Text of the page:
Japan Suicide from the city of Terni in central Italy didn’t warn us about the content as we were having the espresso No. 11 of the day. They should have. The envelope exploded in our hands and the whole block was suddenly filled with Italian post-punk fires and wires.
The band is one of the highlighted names of the new Italian post-punk generation that simply opens the route for the new wave of Pan-European post-punks. Along with other acts like Winter Severity Index, Christine Plays Viola, Clustersun, Two Moons, Soviet Soviet (to name a few), they’ve turned on the lights to their country’s underground scene that–not quite out of the blue, but with a strong heritage in their sonic luggage–has somehow “obliged” the fans, the dedicated media and talent buyers to mention the quality of their records.
Japan Suicide has performed many gigs across Europe, and will venture to North America in May for their first Canada/USA/Mexico tour. What a fresh band with a fathomless talent needs is a dedicated record label to support their music and manage their records, and J.S. found that support in one of the most important independent record labels, Barcelona’s Unknown Pleasures Records (UPR). When UPR published their We Die In Such a Place LP back in 2015, the road opened, their music engaged more audiences, and just a few days ago, the world was informed of a brand new 11-track Santa Sangre coming in mid-February.
We are overwhelmed that one of these notices hit Noise Journal’s inbox and in the aftershock we present it to you. Santa Sangre is perhaps the most cult movie by mastermind filmmaker Alejandro Jodorowsky where, divided into both a flashback and a flash-forward, the film, set in Mexico, tells the story of Fenix, a boy who grew up in a circus, and his life through both adolescence and early adulthood. A libertarian and provocative/psychedelic journey featuring the director’s signature touches on violence and vulgarity, the film influenced many people, including our artists here, who borrowed the title for their new record.
Without hearing it, let me mention the manifesto of UPR: “We spit from a great height on the idea of a system that reduces music to a minor role. Unknown Pleasures Records is the answer to the lifelessness and mediocrity of the current music scene.”
Being familiar with their releases, I was sure that the Japan Suicide release would follow that certain value of honesty and a great care in the production…it was all verified and sealed: The record kills with only a single spin–the first listening! “No-prisoners” post-punk music of high quality on the adored Italian rolling pace, that took me two hours before I started writing about it because of my repeat to enjoy and understand it better. I am amazed and thrilled by the band’s skills in writing such good songs. I’m also thrilled by their capacity to groove like no-tomorrow, and I am very satisfied with the solid sound they provide, too–a production that swings from the old-standards-bass-hooks to haunting keyboards that are not placed as fillers in music or as just an easy effect on sound, but really play a major role in the band’s haunted atmosphere.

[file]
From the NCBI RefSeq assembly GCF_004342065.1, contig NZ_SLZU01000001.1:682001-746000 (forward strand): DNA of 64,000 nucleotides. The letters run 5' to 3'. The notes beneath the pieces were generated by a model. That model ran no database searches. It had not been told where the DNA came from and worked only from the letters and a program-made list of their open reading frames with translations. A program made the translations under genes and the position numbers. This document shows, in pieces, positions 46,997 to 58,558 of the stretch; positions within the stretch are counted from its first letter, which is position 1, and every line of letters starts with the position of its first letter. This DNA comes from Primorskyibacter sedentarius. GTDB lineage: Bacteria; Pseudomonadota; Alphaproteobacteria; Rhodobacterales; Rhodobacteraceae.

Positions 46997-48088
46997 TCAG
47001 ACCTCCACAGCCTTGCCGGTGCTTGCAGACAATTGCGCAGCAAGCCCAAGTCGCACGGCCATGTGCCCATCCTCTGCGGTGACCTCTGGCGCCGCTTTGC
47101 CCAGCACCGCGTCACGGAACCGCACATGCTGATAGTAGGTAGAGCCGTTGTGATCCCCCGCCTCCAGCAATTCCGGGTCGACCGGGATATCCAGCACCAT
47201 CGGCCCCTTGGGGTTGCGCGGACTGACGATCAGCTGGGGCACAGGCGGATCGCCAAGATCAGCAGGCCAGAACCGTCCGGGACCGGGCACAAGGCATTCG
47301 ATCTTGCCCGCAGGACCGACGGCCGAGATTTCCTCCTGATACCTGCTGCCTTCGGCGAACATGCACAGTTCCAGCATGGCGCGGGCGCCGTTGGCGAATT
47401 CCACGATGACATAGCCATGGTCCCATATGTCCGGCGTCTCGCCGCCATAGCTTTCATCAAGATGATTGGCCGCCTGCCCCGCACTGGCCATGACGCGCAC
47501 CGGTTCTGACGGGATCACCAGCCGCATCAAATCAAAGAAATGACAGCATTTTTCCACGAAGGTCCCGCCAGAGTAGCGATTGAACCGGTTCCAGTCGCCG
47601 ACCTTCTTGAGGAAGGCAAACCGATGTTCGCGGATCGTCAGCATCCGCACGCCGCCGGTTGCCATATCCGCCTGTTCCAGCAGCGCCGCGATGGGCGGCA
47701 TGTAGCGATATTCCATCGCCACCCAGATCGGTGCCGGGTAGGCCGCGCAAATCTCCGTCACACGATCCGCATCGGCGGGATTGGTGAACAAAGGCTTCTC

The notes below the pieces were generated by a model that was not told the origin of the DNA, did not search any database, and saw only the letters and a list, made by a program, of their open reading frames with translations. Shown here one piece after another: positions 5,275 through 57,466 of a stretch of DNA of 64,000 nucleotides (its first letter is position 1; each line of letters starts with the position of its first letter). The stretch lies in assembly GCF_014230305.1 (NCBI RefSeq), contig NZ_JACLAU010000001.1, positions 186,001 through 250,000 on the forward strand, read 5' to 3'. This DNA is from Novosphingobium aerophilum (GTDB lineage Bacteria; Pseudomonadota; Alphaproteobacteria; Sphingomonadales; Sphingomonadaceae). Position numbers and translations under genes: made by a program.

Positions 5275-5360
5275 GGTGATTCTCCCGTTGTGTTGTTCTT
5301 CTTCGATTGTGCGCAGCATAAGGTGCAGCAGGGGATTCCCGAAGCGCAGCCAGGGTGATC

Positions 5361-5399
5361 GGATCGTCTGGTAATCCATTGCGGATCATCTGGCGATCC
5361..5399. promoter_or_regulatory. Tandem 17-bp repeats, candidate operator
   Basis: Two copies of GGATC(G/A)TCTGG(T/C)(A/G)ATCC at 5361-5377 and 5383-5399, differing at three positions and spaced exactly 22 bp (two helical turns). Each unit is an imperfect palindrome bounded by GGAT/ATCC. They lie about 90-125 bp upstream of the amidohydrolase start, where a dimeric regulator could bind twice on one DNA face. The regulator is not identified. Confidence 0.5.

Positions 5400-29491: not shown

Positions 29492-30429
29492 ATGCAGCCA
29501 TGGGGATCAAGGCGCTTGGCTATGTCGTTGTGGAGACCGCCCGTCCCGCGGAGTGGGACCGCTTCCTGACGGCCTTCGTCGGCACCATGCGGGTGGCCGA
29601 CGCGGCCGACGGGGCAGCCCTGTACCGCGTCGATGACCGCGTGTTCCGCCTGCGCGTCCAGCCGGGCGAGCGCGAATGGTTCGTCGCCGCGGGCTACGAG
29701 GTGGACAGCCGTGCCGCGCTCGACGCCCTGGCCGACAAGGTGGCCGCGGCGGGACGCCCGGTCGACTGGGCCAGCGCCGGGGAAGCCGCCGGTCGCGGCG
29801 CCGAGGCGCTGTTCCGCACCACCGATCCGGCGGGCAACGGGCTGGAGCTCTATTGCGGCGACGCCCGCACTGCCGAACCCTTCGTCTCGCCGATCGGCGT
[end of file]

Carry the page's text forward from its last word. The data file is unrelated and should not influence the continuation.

I’m talking about the the spooky melodic presence. Without it, the song would go somewhere else. Like here, where Japan Suicide didn’t go astray but enhanced the Circle single with that glorious inspiration on keys. The song’s lyrics are inspired by Dave Eggers’ novel The Circle and scenes from the film The Wicker Man, such as the procession and the sect, relating to the novel in a different way, transposing hi-tech dystopia into an ancient ritual.
All of this was enough for Francesco Brunotti to direct a video that may give out some spooks and amusements, check it!
There are many songs in Santa Sangre that insisted on and battled for my vote of “the best.” I can’t. I can only recommend, when the link opens completely, to check and celebrate post-punk Italy with For Every Flaw, Blown Away, or Lost Daughter–with the astonishing post-rock melody on guitar, in a song of only 3:27–or Dealer, which is probably the most emotionally loaded song of the record. I don’t know–just pick one by chance and you won’t regret it. It is post-punk aiming directly to the center, not messing widely with other styles that would harm the whole.
You can check all below in the label’s official page on bancamp
Keep Up With Japan Suicide
Written by Mike D.